• 9 Investigates: Portion of money approved years ago for CMS still hasn't been used

    By: Blair Miller

    Updated:

    Tuesday night, Charlotte-Mecklenburg School leaders will discuss spending more money to upgrade and build new schools. But a Channel 9 investigation uncovered more than $100 million approved years ago still hasn't been used. 

    In 2007, Mecklenburg County voters decided overwhelmingly to give Charlotte-Mecklenburg Schools $516 million to help handle growth.

    The list of projects included 12 new schools and upgrades to 28 others.

    One upgrade was at West Mecklenburg High School. Don Hardin, the president of the booster club, showed Eyewitness News around the football stadium that was slated to be torn down. CMS planned to spend $8 million for a new stadium including a field house, track and artificial turf.

    “What has happened since 2007?” Eyewitness News anchor Blair Miller asked.

    “Around here? Virtually nothing,” Hardin said.

    Plans now show the project is "on hold due to funding."

    “I'm dismayed actually, because I see the need to spend that money,” Hardin said.

    Since December, Eyewitness News has been looking through the list of projects approved in 2007 and checking their status. Most have been completed.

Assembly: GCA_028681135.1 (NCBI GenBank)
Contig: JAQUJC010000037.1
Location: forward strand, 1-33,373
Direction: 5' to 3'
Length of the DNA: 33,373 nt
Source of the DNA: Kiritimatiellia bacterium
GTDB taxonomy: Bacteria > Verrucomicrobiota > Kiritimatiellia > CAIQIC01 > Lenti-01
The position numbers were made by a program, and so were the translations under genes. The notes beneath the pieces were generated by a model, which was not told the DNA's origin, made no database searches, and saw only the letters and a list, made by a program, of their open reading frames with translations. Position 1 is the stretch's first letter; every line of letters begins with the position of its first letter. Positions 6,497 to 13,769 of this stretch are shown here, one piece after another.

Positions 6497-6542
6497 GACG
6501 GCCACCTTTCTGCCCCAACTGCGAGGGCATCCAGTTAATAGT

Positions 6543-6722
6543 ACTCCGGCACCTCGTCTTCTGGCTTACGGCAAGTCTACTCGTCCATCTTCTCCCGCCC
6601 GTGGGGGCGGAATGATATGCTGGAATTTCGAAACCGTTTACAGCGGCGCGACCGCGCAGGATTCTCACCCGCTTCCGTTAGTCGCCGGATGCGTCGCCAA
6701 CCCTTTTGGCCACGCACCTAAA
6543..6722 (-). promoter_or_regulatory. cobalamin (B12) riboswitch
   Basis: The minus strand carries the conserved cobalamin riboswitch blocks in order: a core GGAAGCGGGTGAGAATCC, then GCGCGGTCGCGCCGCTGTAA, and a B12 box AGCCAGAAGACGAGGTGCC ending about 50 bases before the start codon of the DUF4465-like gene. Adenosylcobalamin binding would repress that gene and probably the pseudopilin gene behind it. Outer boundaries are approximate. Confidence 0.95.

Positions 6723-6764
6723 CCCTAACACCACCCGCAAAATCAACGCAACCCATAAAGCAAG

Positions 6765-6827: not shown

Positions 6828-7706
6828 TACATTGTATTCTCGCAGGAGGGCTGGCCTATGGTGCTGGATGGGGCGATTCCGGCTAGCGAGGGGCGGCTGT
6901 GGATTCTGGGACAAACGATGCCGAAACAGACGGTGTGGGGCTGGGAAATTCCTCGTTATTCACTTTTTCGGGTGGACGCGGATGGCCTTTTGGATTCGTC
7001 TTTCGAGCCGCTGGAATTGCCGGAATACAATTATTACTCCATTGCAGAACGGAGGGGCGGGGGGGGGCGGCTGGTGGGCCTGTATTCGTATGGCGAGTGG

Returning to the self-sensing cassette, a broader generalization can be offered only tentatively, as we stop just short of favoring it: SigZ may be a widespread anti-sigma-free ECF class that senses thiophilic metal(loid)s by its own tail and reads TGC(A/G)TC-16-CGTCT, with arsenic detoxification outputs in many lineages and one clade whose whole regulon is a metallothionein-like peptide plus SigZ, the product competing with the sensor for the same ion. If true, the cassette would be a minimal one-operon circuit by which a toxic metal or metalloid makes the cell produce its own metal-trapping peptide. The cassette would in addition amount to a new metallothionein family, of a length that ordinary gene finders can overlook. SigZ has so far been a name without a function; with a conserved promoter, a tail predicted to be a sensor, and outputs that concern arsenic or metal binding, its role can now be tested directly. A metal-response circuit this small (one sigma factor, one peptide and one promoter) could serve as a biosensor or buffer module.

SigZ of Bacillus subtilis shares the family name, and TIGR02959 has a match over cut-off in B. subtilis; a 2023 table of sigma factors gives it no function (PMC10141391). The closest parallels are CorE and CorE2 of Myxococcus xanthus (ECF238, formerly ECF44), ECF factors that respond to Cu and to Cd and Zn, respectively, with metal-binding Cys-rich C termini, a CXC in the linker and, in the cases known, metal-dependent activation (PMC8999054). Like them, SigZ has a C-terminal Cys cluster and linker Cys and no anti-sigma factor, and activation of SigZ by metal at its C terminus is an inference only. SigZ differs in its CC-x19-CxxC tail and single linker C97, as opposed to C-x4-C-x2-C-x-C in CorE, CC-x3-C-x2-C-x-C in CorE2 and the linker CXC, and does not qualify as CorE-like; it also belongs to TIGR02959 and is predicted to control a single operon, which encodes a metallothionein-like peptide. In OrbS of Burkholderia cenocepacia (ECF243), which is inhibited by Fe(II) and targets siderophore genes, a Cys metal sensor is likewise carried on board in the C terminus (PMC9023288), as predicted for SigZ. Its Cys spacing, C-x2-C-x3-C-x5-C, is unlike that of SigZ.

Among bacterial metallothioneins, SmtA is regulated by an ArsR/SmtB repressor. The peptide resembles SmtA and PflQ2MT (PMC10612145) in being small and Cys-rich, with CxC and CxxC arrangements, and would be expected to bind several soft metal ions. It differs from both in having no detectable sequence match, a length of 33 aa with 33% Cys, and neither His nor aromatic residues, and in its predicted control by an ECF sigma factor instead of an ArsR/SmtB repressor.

But we also found schools like Davidson IB Middle, which was slated for renovation. Since 2007, it's closed and the project's been canceled.

    As for the $516 million that voters approved, $304 million has been spent and another $96 million has been allocated for future projects. That leaves $116 million waiting to be issued and spent.

    “We had to tighten our belt and just live with that,” said Guy Chamberlain, who is in charge of construction and managing CMS buildings.

    He said it's up to the county to take out loans to provide the money to CMS.

    “If you look closer at the plans, some of the projects haven't even started yet. Why is that?” Miller asked.

    “I think because of the economy, the county was not in a position to issue debt,” Chamberlain said.

    And while $116 million waits to be spent, the district plans to pursue another $200-300 million for more repairs.

    “How hard will that be to sell the average voter, especially when you have a bond package from 2007 that's not finished yet?” Miller asked.

    “There may be a little overlap, but by the time we actually start spending the money from the next bond referendum proceed, we will pretty much be done with the 2007 projects,” Chamberlain said.

    But that could be more than a year away, and it doesn't sit well with freshman County Commissioner Kim Ratliff.

    “You're looking at 2007. This is 2013,” Ratliff said. “I could've gone out and bought some property and built a school myself.”

    When Eyewitness News told her about the district wanting an additional $200 million, she said that won't happen until she and others ask some direct questions.

    “The real truth of the matter is, what has happened with the $200-plus million that's just sitting there? And why are you asking for more at this time?” Ratliff said.

    Chamberlain said the new stadium at West Mecklenburg and the remaining 2007 projects will be finished, and that hopefully construction will begin this year.

    There could be some money left over, which would be used for security upgrades.

    As for another referendum, county commissioners will have to sign off on it. If they do, it will go to voters as early as November.

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